In 2019 the Bulldog tight ends combined for 23 receptions. If you’re an enthusiast of the position, and you still have Ben Watson and Randy McMichael posters on your wall, you probably think that’s a little disappointing.
But not as disappointing as the fact that the Bulldog tight ends returning this year have a career total of....1.
Jim Donnan and Mark Richt didn’t get everything right during their respective tenures in Athens. But one thing they perfected was tight end utilization. For a solid decade and a half the starting tight end at the University of Georgia was as safe a bet to one day make an NFL roster as any player in college football. One could argue that as a result we as a fanbase have fetishized the position to a certain extent.
Not as badly as Georgia Southern fans who would rather score 28 points out of the flexbone than 42 out of any other scheme. But enough that some coordinators (cough . . .Jim Chaney. . .cough) probably didn’t get enough credit for the production they engineered simply because it involved sending five star tight end recruits on dummy routes and asking them to perfect their blocking.
Still, it is inarguable that tight end offensive production in Athens has atrophied over time, and the Bulldogs once again find themselves headed into a season with question marks at the position. Kirby Smart is answering those questions the way he traditionally has answered personnel questions in the Classic City: with a liberal application of blue chip recruits and high profile plug-and-play transfers.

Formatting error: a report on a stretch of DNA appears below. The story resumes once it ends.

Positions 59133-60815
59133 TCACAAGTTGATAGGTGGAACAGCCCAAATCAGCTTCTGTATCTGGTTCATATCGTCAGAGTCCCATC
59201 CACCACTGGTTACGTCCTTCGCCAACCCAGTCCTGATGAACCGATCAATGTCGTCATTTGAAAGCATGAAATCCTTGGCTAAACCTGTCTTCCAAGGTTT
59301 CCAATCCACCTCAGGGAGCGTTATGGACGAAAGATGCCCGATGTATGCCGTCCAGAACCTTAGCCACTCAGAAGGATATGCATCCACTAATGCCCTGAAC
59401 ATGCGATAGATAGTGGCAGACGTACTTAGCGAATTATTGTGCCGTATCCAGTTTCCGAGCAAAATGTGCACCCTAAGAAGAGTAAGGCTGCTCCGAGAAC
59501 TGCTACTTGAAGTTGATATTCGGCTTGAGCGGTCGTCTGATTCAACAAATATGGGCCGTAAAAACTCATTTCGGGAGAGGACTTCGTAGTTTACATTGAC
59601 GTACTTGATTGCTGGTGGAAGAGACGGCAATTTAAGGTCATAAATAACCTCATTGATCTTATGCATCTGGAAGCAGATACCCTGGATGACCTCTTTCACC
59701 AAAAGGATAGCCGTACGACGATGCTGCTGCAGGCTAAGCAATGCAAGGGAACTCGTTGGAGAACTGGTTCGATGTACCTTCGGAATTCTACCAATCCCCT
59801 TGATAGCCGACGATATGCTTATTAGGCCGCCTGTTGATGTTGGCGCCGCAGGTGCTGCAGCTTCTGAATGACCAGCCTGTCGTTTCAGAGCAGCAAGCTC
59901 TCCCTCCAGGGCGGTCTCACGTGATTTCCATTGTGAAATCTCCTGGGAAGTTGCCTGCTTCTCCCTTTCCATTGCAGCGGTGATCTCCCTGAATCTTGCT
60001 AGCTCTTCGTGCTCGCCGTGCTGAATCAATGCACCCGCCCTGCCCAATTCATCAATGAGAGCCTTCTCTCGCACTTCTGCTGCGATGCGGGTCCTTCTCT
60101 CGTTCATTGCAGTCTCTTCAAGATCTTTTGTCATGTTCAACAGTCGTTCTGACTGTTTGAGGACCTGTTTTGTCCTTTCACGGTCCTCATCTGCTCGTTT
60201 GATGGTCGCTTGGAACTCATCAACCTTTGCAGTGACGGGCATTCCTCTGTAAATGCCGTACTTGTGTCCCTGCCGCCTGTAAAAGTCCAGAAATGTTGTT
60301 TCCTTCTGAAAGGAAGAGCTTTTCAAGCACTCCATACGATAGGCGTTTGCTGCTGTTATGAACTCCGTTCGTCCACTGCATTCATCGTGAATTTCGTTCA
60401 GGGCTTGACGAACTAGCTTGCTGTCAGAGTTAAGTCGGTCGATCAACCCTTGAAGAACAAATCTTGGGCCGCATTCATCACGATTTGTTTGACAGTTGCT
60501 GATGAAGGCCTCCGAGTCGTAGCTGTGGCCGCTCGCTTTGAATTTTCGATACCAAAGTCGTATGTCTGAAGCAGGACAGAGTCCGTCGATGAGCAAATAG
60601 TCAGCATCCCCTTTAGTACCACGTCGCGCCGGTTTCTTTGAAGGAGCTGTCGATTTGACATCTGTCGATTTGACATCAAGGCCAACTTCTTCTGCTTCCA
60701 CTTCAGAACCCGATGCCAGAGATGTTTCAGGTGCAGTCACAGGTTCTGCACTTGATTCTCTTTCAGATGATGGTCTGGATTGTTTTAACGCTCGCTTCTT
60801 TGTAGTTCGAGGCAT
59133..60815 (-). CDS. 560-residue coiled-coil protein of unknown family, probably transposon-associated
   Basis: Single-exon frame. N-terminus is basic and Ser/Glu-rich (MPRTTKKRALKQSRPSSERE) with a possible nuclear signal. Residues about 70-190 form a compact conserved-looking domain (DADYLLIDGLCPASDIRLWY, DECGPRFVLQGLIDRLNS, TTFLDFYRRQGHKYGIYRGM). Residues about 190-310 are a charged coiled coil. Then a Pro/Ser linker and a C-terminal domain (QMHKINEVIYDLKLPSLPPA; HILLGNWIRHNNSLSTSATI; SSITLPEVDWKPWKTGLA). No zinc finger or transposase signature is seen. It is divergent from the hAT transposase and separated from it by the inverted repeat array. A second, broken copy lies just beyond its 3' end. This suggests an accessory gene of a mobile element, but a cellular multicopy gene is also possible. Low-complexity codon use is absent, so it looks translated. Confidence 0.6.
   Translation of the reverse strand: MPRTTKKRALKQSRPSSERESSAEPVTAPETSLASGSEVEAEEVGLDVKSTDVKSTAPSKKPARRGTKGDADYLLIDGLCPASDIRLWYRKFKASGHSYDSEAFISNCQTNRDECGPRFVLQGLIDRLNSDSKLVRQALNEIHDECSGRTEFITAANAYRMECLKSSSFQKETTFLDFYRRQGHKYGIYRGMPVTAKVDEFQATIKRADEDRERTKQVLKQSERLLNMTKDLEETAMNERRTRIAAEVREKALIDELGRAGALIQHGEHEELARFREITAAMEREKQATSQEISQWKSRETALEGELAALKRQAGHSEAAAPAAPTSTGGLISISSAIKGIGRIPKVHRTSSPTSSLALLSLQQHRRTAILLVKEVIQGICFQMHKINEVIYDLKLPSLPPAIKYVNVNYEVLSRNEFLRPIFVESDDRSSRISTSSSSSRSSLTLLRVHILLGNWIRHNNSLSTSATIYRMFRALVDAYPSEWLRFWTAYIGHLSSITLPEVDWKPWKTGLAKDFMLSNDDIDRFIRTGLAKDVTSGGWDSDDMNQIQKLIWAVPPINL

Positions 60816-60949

Last year Smart addressed the hole in his tight end rotation by bringing in graduate transfer Eli Wolf from Tennessee. Wolf pulled in 13 catches for 194 yards, not the worst season by a college tight end, but a far cry from the glory days of Watson, Pope and Milner. And certainly less than Isaac Nauta’s 30 catch, 430 yard 2018 season.
Wolf is gone, as is the graduated Charlie Woerner, Georgia’s other mainstay at the position last season. New in Athens is Florida State graduate transfer Tre McKitty. While Wolf came to Athens off a 5 catch, 30 yard season at Tennessee in 2018, McKitty arrives as a bona fide Power 5 starter. The 6’5, 245 pound Wesley Chapel, Florida native caught 23 passes for 241 yards in Tallahassee in 2019, making him the Noles’ fourth leading receiver.
There’s something to be said for having done it before, and McKitty will benefit by having just as much experience in Todd Monken’s system as the guys he’s competing against. McKitty also has the advantage of being a versatile player who can block as well as work in space as a route runner. He’s not in the Orson Charles/Aron White mold of large but wide receiver quick players who can block (he said mentioning some more of those highly effective UGA tight ends of yore). McKitty is a true big-bodied tight end. As we’ve said before, Kirby doesn’t bring guys in for one season to sit on the bench and eat at the training table. McKitty will certainly be in the rotation.